Its worth pointing out that the 440km I mentioned above was at 10mW @ 1500bps with a 5dB omni on the RX end. You can drop the data rate to 100bps, which is still enough for tracking, and you will get 3 times the range (yes really !).

So a simple 1/4 wire on the RX end as well should give you > 500km range at the lower data rate.

The real limiting factor with LoRa is the curvature of the Earth ...................

srnet: Here we go;

http://www.southgatearc.org/news/2015/january/lora_low_cost_long_distance_telemetry.htm

For the same LoRa modes the current max recorded distance is 440km. Thats with a circa 5dB gain co-linear omni at the receiving end, 1/4 wave wire at the TX end.

Use a simple 1/4 wave wire at the RX end as well and expect 'only' 220km.

Stuart Robinson

Very good! Hopefully the OP will study your link. Since a vertical omni antenna has very little vertical pattern, they must have tilted the antenna for best reception/transmission.

Paul

Paul_KD7HB: Very good! Hopefully the OP will study your link. Since a vertical omni antenna has very little vertical pattern, they must have tilted the antenna for best reception/transmission.

Nope, 'they' and I have no need to fiddle with the antennas, the co-linears such as the Diamond X50 have their gain very close to the horizon, which for tracking high altitude balloons is exactly where you want it.

Close in where the balloon may be at a higher angle, there is so much spare link margin that you wont have a problem.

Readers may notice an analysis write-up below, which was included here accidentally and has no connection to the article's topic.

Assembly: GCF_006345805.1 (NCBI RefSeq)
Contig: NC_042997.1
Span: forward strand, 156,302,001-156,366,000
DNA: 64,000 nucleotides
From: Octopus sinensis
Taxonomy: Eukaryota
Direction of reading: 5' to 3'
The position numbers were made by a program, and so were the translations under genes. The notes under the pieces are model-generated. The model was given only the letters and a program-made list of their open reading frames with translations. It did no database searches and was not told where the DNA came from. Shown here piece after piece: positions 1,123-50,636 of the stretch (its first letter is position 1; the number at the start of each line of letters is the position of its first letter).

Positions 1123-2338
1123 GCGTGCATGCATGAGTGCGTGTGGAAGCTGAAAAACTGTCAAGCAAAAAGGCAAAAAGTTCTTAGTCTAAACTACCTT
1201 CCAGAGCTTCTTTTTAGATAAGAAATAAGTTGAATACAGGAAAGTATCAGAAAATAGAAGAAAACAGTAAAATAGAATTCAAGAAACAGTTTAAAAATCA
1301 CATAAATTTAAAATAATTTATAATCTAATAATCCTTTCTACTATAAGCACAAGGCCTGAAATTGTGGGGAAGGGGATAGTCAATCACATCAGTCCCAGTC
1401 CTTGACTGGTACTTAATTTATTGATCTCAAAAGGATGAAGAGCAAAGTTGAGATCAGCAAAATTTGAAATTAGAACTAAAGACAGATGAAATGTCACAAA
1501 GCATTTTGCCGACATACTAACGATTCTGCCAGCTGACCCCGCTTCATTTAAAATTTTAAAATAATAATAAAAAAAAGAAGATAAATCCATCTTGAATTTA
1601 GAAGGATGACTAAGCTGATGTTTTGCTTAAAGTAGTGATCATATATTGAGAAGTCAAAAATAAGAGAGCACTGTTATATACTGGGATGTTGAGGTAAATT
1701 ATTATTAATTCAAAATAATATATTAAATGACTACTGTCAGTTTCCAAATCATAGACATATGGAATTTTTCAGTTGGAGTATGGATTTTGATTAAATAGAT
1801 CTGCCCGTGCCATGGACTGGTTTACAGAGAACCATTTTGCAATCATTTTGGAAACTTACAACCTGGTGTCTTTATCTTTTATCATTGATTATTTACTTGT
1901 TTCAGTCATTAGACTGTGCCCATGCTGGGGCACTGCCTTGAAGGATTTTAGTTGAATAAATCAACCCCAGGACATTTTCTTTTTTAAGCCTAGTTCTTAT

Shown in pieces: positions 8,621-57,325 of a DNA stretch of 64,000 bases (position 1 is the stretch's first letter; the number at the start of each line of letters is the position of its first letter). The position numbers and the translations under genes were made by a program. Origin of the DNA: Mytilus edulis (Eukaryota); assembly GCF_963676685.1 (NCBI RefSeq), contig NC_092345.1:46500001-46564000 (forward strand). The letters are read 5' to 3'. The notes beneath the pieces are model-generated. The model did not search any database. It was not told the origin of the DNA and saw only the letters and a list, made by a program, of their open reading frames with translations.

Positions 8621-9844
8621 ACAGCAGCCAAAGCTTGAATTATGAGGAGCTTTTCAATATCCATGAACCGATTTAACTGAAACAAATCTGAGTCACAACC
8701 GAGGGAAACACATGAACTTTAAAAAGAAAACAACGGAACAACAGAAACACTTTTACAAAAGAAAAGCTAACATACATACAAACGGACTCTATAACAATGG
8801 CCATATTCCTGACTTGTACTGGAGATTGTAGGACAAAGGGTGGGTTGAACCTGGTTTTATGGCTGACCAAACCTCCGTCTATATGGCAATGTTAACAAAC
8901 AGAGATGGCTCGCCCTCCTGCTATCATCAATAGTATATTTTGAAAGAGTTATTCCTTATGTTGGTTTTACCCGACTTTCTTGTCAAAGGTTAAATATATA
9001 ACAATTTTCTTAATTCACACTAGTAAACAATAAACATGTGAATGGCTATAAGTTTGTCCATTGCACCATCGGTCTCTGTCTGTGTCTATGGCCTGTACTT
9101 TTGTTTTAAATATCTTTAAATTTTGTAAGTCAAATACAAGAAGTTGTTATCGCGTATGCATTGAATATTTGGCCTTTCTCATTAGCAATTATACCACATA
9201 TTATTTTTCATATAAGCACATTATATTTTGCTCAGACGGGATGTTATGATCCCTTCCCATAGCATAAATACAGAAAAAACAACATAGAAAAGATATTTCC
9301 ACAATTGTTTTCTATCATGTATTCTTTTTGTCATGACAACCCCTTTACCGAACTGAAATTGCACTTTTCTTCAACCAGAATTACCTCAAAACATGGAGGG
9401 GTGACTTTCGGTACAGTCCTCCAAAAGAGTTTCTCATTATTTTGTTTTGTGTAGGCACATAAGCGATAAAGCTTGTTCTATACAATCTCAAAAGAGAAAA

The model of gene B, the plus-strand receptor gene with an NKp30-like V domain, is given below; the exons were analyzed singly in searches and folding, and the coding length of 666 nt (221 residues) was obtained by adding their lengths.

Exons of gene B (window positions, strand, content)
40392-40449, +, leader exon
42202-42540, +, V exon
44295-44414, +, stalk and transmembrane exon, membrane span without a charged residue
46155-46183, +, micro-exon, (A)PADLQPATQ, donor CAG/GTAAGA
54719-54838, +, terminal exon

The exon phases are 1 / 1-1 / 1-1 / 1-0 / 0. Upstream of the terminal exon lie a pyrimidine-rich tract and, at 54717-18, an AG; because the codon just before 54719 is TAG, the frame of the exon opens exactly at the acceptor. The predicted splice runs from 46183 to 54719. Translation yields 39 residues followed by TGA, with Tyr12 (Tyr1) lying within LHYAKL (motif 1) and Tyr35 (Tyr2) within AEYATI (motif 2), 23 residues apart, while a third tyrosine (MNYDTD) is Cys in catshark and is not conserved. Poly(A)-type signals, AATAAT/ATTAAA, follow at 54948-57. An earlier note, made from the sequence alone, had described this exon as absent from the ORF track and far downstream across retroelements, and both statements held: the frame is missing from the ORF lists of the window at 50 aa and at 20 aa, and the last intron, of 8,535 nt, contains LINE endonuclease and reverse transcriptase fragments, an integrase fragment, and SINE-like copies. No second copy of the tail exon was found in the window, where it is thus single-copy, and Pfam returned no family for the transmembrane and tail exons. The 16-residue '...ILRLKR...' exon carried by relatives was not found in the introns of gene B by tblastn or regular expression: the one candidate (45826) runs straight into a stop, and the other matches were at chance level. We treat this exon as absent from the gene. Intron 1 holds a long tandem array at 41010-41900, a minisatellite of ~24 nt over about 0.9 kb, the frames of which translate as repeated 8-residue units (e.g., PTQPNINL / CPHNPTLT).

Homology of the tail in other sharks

Ok I studied your link and its very interesting. However its all getting a bit technical for me, as I'm rather new to LoRa and Radio.

So Srnet, are you saying that a "normal" antenna on Rx and Tx (like the antennas I linked) would work?

bestanamnetnogonsin: Ok I studied your link and its very interesting. However its all getting a bit technical for me, as I'm rather new to LoRa and Radio.

So Srnet, are you saying that a "normal" antenna on Rx and Tx (like the antennas I linked) would work?

Yes they should.

From the antenna perspective, LoRa behaves the same as any other radio frequency system, so you just use the appropriate antenna for the frequency.

Where LoRa is different is that it is very much longer range than other telemetry systems, therefore it is not so important that antennas used are high gain or of high quality.

What is not possible is to predict in advance is just how good cheap antennas from eBay are, they may be OK, they may not.